For the benefit of readers, Barnett/Kortlang's recipe for breeding snakes follows the following approximate pattern:
Snakes separated and cooled over winter. All are housed in glass-roofed wooden cages with either gravel or paper as substrate, with heating usually provided by light bulbs. Re-introductions after cooling at planned breeding time and snakes observed at this time for results. (June-Sept for this). Eggs when laid are separated and placed in incubation medium of 50 per cent vermiculite 50 per cent water (by weight) (150 gm to 150 gm) in (99 per cent) sealed plastic container, (fine grade vermiculite is not used). The eggs themselves are 3/4 buried. The sealed containers are in turn placed in a large wooden box (constructed as an incubator) heated by internally placed light bulbs placed on the roof and thermostatically controlled. Barnett/Kortlang place emphasis on the positioning of the thermostat and stress that the temperature probe must reflect the temperature of the incubating eggs not a distant part of the box that could give a false temperature reading (in terms of the eggs). Incubation temperature is 29.5 to 31 degrees celcius. (Details taken from their papers and conversations with them). Both Barnett and Kortlang are constantly upset when after giving novice keepers strict instructions as to how to hatch eggs, the person screws up their directions and fails.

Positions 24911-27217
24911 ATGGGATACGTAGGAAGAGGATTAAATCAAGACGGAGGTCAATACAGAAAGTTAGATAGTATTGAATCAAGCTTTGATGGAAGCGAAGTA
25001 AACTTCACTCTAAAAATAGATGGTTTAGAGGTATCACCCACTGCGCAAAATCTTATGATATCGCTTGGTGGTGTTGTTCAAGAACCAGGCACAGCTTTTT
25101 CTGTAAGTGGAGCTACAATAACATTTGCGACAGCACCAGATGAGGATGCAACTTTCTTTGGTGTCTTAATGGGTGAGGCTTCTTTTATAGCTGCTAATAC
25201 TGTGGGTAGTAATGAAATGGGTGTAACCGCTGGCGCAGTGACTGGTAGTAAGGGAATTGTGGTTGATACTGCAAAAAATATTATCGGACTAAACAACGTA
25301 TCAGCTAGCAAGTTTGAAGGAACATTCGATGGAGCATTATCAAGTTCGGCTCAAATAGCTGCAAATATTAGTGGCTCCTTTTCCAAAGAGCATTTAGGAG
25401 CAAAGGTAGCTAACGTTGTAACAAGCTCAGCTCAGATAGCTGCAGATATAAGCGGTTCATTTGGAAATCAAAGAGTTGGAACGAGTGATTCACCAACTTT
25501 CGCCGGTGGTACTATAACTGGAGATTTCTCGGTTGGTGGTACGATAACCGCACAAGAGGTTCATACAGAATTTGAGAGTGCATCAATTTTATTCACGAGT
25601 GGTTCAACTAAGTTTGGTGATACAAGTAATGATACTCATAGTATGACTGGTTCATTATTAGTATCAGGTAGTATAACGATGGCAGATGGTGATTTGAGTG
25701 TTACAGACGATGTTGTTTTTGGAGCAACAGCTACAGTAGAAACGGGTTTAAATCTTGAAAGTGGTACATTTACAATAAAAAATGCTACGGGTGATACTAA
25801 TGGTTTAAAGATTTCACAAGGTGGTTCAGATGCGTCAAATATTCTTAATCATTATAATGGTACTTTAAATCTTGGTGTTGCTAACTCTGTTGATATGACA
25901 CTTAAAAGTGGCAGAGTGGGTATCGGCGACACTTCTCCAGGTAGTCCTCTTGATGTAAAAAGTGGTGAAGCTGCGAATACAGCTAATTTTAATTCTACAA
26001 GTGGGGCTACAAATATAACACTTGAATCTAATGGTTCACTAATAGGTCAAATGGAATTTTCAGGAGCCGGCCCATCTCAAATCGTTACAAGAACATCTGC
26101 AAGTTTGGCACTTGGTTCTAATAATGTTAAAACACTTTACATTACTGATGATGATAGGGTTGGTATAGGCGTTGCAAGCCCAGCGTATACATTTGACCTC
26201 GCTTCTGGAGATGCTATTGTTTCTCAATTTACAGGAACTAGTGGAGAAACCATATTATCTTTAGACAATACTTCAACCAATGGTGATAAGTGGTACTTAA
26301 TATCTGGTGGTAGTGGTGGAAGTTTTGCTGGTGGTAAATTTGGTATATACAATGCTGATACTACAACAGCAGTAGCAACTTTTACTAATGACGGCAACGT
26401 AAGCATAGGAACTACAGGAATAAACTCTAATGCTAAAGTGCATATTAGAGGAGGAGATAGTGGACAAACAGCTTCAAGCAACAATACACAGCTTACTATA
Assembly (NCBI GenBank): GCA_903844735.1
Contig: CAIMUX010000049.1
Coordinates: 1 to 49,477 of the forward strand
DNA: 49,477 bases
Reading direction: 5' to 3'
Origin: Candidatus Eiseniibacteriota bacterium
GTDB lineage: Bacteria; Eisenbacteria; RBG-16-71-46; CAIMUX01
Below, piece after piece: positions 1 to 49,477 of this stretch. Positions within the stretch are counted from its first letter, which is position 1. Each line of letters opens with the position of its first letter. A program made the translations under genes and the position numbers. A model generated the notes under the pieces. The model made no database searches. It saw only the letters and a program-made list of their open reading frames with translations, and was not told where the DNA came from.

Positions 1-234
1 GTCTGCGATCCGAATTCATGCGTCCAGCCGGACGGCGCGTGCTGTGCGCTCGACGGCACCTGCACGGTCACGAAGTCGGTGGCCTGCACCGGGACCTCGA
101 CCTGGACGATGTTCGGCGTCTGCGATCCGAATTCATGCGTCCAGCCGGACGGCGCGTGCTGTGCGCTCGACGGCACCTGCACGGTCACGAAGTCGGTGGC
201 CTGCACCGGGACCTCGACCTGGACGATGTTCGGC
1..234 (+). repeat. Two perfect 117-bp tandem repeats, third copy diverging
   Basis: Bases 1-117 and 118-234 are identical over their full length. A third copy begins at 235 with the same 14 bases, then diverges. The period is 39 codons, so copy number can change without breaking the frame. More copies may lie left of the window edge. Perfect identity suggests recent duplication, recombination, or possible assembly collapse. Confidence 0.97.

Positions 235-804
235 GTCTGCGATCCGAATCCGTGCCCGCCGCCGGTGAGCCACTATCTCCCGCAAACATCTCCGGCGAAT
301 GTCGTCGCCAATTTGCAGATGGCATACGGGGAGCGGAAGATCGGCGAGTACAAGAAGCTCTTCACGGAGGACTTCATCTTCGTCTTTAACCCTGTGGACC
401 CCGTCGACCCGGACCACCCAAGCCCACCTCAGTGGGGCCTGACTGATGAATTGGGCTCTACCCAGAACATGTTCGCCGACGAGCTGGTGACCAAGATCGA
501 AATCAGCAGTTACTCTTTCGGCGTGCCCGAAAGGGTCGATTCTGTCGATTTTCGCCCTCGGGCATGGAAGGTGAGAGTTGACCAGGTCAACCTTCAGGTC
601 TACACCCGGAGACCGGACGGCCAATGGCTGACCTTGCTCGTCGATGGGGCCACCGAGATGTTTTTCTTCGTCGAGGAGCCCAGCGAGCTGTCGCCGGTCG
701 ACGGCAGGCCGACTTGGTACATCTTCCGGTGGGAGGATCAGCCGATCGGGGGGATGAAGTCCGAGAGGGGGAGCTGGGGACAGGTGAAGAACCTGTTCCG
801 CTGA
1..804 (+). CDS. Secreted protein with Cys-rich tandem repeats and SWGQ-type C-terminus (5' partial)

Current wildlife laws ban the export of fauna from Australia. No reptile keeper in Australia is allowed to export any reptiles and the penalties for doing so are severe (up to $100,000 fine and/or 10 years gaol). Therefore approaches to Australian keepers to export reptiles will be a waste of time for all concerned. On very rare occasions, zoo-zoo trade is allowed, but generally Australian zoos do not officially trade reptiles due to a lack of a need to do so. Regular customs seizures provide them with an oversupply of non-indigenous species and due to 'red-tape' they don't tend to export local species.
1997 UPDATE to above paper:
Simon Kortlang remains seriously ill and is in even worse health than previously reported, if that is at all possible. Brian Barnett remains in a similar position with the Victorian Herpetological Society. Monitor as a journal has been given a major upgrade making it one of the world's most sought after reptile magazines. The VHS and associated activites, including the 'herp shop' run by Brian and Wife, Lani, have expanded beyond comprehension and the society has nearly 1,000 members.
In 1997, Brian Barnett's breeding achievements for the 1996-7 breeding season included 'the usuals' like Children's Pythons Bothrochilus spp. as well as Womas (4 out of 4 eggs hatched - an infertile egg discarded at time of laying), Black-headed Pythons (10 out of 10 eggs hatched) and Barkly Death Adders (Female is a second generation captive, both generations bred in Barnett's care).
Tony Boardman and Gary Davey have both left the Victorian Wildlife department. The overall satisfaction rate among herpetologists with the local wildlife department has dropped substantially, but remains above that of most other states including NSW and Queensland.
Raymond Hoser has been an active herpetologist for about 30 years and published over 150 papers in journals worldwide and nine books.